Prosecutions for exposure and voyeurism have almost halved in 6 years

Exposure and voyeurism cases have risen by 59% but police prosecutions have almost halved in six years

  • Figures reveal the scale of the crime plaguing women and girls across Britain
  • But despite rise in cases, forces have prosecuted far fewer suspects since 2014
  • Officers have recently been criticised for treating the crime less seriously 

Police prosecutions of exposure and voyeurism cases have almost halved in six years while cases have risen by a staggering 59 per cent, The Mail on Sunday can reveal,

The shocking figures reveal the scale of the crime plaguing women and girls across the country.

Yet despite the huge rise in cases forces have prosecuted far fewer suspects since 2014.

Officers have been criticised for treating the crime less seriously in the wake of the conviction of policeman Wayne Couzens after it was found he publicly exposed himself on a number of occasions previously.

Officers have been criticised for treating the crime less seriously in the wake of the conviction of policeman Wayne Couzens after it was found he publicly exposed himself on a number of occasions previously

The Independent Office for Police Conduct is investigating the police’s failure to properly record allegations of flashing against Couzens while he was serving with Kent Police in 2015 and also three days before he raped and murdered 33-year-old Sarah Everard.

Campaigners have blasted forces’ attitude to the offences with radio presenter Emma Ball saying she was ‘laughed’ at by officers after informing them a man she now believed to be Couzens had flashed her in 2008.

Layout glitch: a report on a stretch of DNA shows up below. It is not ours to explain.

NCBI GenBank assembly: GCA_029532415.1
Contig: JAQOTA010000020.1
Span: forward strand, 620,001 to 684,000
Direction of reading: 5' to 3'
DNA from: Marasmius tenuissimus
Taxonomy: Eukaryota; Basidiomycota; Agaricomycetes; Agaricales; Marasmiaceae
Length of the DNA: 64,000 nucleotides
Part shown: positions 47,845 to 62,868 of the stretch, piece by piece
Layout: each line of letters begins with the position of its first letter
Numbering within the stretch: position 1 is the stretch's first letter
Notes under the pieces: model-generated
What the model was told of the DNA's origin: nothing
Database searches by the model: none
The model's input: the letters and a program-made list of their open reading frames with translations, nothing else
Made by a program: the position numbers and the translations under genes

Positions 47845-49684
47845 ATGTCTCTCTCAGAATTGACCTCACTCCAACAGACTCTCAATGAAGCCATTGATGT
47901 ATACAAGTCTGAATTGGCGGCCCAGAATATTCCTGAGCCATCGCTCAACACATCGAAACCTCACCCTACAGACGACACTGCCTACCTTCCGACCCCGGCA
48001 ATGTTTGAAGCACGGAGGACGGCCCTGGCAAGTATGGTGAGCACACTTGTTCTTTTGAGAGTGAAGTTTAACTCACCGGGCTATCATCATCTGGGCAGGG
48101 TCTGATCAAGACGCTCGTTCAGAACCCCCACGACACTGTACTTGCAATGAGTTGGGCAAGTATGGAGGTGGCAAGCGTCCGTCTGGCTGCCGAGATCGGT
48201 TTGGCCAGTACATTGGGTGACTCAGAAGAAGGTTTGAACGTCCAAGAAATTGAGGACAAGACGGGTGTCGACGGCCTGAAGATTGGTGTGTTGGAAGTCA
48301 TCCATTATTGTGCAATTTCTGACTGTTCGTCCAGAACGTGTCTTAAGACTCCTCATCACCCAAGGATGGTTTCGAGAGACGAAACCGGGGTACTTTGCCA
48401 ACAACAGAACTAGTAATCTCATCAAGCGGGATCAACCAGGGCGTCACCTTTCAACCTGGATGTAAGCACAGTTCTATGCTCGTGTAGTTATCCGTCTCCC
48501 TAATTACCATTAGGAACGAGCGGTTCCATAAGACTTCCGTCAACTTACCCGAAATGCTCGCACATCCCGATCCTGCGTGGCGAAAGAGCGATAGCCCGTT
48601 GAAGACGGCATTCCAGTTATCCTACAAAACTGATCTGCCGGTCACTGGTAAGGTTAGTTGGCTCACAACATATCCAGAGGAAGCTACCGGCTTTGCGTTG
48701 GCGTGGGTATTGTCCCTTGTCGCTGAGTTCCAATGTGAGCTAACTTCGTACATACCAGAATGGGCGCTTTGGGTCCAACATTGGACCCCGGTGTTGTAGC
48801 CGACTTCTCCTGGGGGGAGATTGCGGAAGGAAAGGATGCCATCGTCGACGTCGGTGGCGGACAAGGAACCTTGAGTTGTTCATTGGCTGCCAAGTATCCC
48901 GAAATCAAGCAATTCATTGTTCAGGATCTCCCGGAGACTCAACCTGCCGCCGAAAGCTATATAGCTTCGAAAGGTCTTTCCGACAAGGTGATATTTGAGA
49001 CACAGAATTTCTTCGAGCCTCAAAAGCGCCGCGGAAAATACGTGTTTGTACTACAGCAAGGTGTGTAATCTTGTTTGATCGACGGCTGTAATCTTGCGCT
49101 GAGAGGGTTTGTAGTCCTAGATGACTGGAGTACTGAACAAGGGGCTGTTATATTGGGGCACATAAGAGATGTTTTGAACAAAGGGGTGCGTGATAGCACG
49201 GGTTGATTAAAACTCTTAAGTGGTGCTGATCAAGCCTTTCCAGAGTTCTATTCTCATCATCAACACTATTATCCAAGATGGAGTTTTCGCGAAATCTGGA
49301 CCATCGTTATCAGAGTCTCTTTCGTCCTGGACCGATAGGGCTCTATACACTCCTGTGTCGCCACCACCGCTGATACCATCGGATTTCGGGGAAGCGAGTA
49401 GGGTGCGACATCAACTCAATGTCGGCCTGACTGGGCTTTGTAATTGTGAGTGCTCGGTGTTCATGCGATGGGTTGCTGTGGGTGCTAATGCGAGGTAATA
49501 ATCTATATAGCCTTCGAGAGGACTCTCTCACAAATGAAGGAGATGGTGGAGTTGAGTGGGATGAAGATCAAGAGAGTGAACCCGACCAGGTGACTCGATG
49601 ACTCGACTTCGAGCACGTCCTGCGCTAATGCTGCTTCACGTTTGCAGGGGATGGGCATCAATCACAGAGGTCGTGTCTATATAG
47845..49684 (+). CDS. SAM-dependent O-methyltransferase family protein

The Home Office data, analysed by the Mail on Sunday, reveals that since 2014 prosecutions for exposure and voyeurism have dropped from 1,047 nationally to 594.

By 2016 prosecutions were still maintained at 1,023 but by 2018 they had dropped to 721 and continued to tail off to last year.

At the same time reported offences have sharply risen from 6,420 in 2013-14 to 10,203 in March to this year.

Dame Vera Baird, the Victims’ Commissioner, blasted the police over the lack of prosecutions and called on exposure and voyeurism cases to be treated ‘seriously’.

She said: ”Indecent exposure and voyeurism are serious crimes that should be recognised as a red flag about a man’s approach to women.

‘Victims must be treated seriously and police must investigate and make arrests.

‘It is inexcusable that the Mail on Sunday’s figures show that complaints have almost doubled but prosecutions almost halved.

‘Victims are reporting crimes which can lead, as we have recently seen, to rape and worse but are hitting a blank wall.’

Home Office findings have previously revealed that cuts in officer numbers from 2010, with more than 20,000 lost nationally, contributed to sharp rises in crime from 2014.

Police pointed to the fact charging rates for offences linked to exposure and voyeurism are above the national average.

Deputy Chief Constable Maggie Blyth, the National Police Chiefs’ Council lead for violence against women and girls, said: ‘Police take these reports very seriously, investigate, and work with the Crown Prosecution Service (CPS) to make a joint decision on charging and prosecute where there is evidence to do so.

‘One of my top priorities in combatting violence against women and girls is significantly improving the quality of investigations and their outcomes across policing.

‘We know these types of offences can be a precursor to other sexual offences and so police will use risk assessments to help measure the risk levels of offenders and help determine what early action can be taken to stop them.’

Source: Read Full Article